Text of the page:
This is probably the question you want to start with, but shouldn’t if you’re learning how to write a blog. Indeed, the answer to this question should be determined by your answer to the earlier question covered in my last article (and if you haven’t read it, you should probably start there). Let’s break down your topics based on that previous answer.
Goal = Authority
Let’s say that your goal for your blog is to increase your authority in the eyes of visitors. You need to demonstrate leading expertise. Pick an issue in your field that may be controversial. Find out what your competitors are saying.
Now, begin your piece that shows that you understand the issue and the different approaches. Show why your approach is the best option. While writing–and this is important–make sure to show clearly why other approaches can cause unintended harm if followed. By doing this, you not only demonstrate to your visitors that your capacity to help them is superior than that of your competitors, but you also cause them to be wary about choosing your competitors over you.
In this particular piece, don’t worry too much about whether it sells your services. That’s not the ultimate goal. Instead, it’s about demonstrating a certain understanding and competence that sets you apart as it highlights your personal qualifications.
Goal = SEO
Focusing on SEO traffic will take you down a different path. For this, you want words. Lots of words. That also means lots of articles. Actual topics themselves can be all over the board, as long as they remain within your niche.
Whatever you do, don’t just write lots of articles that are filled with nothing but fluff in order to get them out there. Believe it or not, Google’s algorithm is smarter than that. It looks for more than just words. It considers synonyms for words being searched. It looks at how long people stay on your page. It considers how often your content appears in searches. I gauges how fresh your content is. It looks for indicators of deception. And that’s just touching the tip of the iceberg.
When focusing on SEO, above all, you want your content to be useful to readers. And you want a lot of it. The more useful content you have on your site, the higher you will rank.
Goal = Resources for Clients (or Potential Clients)
Generally speaking, people drop by your website because they have a problem that they need help with. So, help them.
Make a list of all the pain points that people face that can lead them to your website. Now, write an article around each issue with your unique solution.
While writing these kinds of articles, remember that they aren’t about standing out from the crowd. They aren’t about touching on SEO keywords or trying to rank higher. All you are trying to do is simply help someone in need out.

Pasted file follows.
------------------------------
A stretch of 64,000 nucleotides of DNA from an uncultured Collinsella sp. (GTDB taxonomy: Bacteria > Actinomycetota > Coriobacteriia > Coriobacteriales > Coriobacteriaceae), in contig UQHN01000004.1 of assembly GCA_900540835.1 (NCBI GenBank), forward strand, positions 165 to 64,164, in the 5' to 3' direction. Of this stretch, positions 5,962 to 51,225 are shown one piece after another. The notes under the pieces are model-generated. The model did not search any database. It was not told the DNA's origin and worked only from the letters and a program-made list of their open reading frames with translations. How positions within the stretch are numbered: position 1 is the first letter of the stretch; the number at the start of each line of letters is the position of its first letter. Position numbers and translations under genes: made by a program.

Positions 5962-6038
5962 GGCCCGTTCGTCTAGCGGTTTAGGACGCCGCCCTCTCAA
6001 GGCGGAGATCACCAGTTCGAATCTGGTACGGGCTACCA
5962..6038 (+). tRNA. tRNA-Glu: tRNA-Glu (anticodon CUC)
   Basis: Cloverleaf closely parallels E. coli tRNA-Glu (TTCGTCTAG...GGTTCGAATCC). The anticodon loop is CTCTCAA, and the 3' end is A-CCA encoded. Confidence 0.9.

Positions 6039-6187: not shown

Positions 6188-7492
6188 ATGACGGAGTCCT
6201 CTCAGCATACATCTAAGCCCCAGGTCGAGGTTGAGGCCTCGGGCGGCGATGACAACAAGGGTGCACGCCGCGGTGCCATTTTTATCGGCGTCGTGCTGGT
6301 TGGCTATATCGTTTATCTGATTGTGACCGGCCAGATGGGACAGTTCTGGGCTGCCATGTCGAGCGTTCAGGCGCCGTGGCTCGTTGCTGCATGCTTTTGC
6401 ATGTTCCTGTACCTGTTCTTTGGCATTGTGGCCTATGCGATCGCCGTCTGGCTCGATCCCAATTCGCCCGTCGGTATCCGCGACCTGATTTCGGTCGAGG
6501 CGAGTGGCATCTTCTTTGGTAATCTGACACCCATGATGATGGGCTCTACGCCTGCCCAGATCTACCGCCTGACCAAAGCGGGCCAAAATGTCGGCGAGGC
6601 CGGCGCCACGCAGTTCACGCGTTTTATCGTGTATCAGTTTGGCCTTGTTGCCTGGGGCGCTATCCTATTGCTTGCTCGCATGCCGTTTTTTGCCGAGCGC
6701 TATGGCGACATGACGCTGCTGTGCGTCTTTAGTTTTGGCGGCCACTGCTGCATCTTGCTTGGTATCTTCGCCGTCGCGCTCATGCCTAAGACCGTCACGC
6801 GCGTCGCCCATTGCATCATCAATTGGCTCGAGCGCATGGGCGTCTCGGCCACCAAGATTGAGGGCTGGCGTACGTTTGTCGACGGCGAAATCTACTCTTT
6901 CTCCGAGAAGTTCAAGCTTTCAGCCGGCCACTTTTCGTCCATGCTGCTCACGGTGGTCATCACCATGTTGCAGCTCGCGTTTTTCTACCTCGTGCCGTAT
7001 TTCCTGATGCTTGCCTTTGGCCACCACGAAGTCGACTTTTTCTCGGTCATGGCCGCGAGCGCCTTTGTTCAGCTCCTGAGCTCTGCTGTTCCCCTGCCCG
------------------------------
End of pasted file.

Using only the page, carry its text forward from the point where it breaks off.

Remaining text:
This strong focus on problem solving may make writing blog articles like this the easiest to tackle for a beginner.
Plus, these articles can serve a dual purpose. Not only do they have potential of helping visitors to your website, you can also send them to clients who need that specific information. Consider the time you can save by sending a link to an article, rather than trying to give a lengthy response to a client’s question.
Keep Them Wanting More
Regardless of what you end up writing, don’t try to write everything about everything in a single blog article. Remember, you’re not writing a book. Blogs are meant to be digested easily in one sitting. If you think that the article is way too long, then consider breaking it up into a series.
Besides, do you really want to tell them everything you know all at once? No, of course not. Then they would have exhausted your help and wouldn’t have a reason to come back.
And, coming back to you is exactly what you want. So, when you write your articles, don’t just consider what you are going to say, but also what you are not going to say.
Think of these omissions as intentional gaps in your article meant to be filled in later with…(you guessed it)…more articles!
While you are composing an article, highlight the key phrase that is the topic of an other article and link to it. This gives the reader the opportunity to learn more before going on.
Consider the effect this can have. After all, when was the last time you got lost on Wikipedia, bouncing from one article to another, eventually losing track of what started you on the path in the first place? It happens to us all.
This is the effect of interconnected articles with great content. You give your readers an opportunity to keep going down your rabbit hole.
And just in case they reach the end and haven’t clicked around enough, make sure to feature other blog posts. If they liked what you had to say, you telling them where to go next may be all the nudge they need.